Treasurer unsurprised after AMP boss quits

27/04/2020 Posted by admin

AMP CEO Craig Meller has resigned amid scandals uncovered at the royal commission into banking.Treasurer Scott Morrison has suggested more heads could roll at AMP or other financial institutions as the royal commission into the sector rolls on.

AMP chief executive Craig Meller fell on his sword on Friday following shocking revelations about the financial giant uncovered by the commission inquiry into misconduct in the financial services sector.

Mr Meller, who was due to retire at the end of the year, stood down on Friday with immediate effect.

“Let’s not forget, it’s not just chief executives here,” Mr Morrison said in Melbourne on Friday.

“At the end of the day, the boards of these organisations are the custodians, really, of the governance, and I am sure that that will have plenty of attention, as the commission carries on its important work.”

Mr Meller apologised “unreservedly” for the scandal surrounding AMP, adding he was “personally devastated” for its customers.

More than $1 billion has been wiped off AMP’s stock market value this week, after its executives admitted to charging clients for advice they never received and repeatedly lying to the corporate watchdog.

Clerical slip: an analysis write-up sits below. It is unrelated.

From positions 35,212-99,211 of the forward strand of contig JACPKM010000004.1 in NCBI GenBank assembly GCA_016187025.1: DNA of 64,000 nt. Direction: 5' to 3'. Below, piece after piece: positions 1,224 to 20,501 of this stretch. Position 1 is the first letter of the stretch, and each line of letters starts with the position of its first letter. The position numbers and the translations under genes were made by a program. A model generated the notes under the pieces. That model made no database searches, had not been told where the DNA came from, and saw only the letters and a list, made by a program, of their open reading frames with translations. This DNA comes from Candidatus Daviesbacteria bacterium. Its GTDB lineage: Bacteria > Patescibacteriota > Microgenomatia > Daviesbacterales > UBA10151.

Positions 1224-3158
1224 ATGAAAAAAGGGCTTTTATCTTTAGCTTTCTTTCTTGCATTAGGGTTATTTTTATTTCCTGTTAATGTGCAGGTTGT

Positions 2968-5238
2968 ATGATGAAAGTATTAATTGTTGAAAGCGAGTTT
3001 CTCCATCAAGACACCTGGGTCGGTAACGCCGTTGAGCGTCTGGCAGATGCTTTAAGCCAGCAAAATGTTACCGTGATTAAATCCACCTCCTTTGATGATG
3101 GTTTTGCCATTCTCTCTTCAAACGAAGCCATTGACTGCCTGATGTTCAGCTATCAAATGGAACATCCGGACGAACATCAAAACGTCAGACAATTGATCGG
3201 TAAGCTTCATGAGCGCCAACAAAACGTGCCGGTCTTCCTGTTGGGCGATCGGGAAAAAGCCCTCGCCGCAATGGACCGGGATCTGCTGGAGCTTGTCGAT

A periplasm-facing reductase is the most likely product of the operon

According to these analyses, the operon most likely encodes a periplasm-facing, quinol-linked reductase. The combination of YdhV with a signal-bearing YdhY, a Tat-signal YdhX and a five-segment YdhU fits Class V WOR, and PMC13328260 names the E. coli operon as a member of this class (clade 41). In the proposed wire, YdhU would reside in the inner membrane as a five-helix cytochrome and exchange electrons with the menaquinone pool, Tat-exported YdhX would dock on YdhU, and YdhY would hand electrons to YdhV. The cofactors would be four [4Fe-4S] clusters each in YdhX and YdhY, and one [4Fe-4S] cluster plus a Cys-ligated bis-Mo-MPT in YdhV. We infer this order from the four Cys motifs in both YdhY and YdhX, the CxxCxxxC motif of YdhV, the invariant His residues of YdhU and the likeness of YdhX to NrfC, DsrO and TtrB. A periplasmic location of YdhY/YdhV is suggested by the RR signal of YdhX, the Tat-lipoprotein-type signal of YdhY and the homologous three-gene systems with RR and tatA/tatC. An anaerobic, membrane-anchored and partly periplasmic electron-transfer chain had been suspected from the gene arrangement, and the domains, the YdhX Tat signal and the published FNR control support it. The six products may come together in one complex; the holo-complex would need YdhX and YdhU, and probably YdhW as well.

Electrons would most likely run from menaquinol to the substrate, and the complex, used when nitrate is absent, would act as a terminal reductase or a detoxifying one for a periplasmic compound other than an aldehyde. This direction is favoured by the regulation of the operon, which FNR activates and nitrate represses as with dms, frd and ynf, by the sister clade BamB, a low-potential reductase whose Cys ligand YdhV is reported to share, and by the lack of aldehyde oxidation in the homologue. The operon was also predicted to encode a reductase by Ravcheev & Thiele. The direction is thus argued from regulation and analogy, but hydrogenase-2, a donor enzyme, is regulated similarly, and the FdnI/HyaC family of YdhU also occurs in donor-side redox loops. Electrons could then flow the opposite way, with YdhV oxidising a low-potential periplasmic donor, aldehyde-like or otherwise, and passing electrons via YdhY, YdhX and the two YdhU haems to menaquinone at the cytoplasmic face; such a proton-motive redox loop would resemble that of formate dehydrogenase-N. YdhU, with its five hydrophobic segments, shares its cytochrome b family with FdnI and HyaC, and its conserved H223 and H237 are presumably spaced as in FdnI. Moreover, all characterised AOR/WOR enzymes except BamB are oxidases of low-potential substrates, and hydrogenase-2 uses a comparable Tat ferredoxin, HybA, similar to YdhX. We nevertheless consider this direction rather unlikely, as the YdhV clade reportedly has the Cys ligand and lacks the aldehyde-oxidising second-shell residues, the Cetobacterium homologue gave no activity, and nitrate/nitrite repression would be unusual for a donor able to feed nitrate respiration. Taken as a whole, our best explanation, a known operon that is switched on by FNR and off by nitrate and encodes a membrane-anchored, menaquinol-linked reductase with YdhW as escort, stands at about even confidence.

Finance Minister Mathias Cormann said Mr Meller’s resignation was an obvious consequence of the commission’s work.

“Some of the news that has emerged in the royal commission is very concerning indeed and this is obviously one of the consequences out of that process,” he told Sky News from Washington.

Opposition Leader Bill Shorten stopped short of predicting more executives would step down in the wake of the inquiry.

“It makes you wonder what the people accused of bad behaviour have on the other people who should have got rid of them,” he said in Hobart.

Greens leader Richard Di Natale also suspects more banking and finance executives will follow suit, but doesn’t think that will be enough to clean up the sector.

“Having a few people fall on their sword, having potentially a couple of people being prosecuted, is not going to deal with the systemic and structural problems within the banking sector,” he said in Melbourne.

Australian Associated Press

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